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Steven Slater: Working Class Hero, Or Just A Jerk?

New Yorkers Weigh In On Former Employee's Dramatic Exit
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Steven Slater

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NEW YORK (CBS 2) — Overworked, underpaid and under appreciated: It’s the plight of many Americans in today’s economy.

Now, the bizarre case of an angered employee quitting his job in dramatic fashion has caught the attention of people across the country, and the admiration of disgruntled employees everywhere.

But despite the 120,000 Facebook fans and seemingly steadfast support for former JetBlue flight attendant Steven Slater, his dramatic actions are prompting some to think of him as, to put it simply, a jerk.

New Yorkers are taking sides in the saga. On Wednesday, Slater made his first public appearance since his arrest amid much fanfare, earned after he abruptly quit his job by cursing over the plane’s intercom then bolting down the emergency slide – but is it really the type of behavior that deserves praise?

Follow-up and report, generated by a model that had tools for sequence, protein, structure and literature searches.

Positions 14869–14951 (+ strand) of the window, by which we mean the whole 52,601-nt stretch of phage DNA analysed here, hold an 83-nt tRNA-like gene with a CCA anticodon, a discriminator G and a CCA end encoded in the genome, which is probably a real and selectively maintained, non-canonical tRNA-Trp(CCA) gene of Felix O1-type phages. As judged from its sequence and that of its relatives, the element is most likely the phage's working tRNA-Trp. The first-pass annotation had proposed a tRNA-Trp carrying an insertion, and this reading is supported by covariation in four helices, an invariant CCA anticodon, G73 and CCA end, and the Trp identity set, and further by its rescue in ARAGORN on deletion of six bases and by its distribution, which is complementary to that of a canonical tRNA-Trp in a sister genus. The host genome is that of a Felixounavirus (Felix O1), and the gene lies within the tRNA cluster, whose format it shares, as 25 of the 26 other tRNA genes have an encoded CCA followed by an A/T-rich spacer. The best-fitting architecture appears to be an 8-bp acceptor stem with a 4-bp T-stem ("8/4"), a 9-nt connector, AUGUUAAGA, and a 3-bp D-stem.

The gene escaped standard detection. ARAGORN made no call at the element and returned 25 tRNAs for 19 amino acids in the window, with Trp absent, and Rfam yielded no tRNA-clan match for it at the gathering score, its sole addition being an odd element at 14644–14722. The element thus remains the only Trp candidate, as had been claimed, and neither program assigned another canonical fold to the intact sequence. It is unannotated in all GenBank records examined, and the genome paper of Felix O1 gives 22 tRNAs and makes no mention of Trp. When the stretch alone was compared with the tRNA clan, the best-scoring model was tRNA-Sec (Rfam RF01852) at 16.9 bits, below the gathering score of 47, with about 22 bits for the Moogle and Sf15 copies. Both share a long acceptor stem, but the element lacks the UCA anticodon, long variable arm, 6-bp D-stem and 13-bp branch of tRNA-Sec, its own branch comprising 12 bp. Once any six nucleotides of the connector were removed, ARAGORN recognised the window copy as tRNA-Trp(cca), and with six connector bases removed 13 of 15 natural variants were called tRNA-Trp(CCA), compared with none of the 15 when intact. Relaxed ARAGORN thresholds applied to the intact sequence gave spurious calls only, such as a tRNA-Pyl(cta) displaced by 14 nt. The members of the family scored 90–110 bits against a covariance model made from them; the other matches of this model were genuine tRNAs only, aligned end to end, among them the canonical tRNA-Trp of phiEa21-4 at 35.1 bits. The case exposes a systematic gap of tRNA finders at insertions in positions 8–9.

“I don’t care how bad a day you have,” said Queens resident Kate Interrante. “Finish your shift and go to therapy. Glad he was arrested.”

Others are chiming in on Slater’s mental state.

“[He] should get fired by JetBlue,” said Manhattan resident Genevieve Schiefer. “He is emotionally unstable and should not be allowed to wait on people. I have no sympathy for this guy, his behavior is unacceptable.”

And while many are applauding Slater for not accepting the rude behavior of the passenger that set him off, some don’t agree.

“I think he should be fired, said Andrew Syracuse of New York. “If not fired, then take an anger management course and apologize to the passenger.”

Still, many admire Slater for standing up for himself in the way that he did – even calling him a hero.

“I think what he did was rather heroic, in a way. [He said] ‘I’ve had enough and I’m not taking it anymore,” said Barbara Gufferman of Manhattan. “It was good, it was fun…and no harm was done.”

There were plenty of other New Yorkers who are calling Slater a role model.

“A role model…he stood up for what he believed in,” said William Graham of Westbury. “People shouldn’t treat people like that just because they are taking a flight.”

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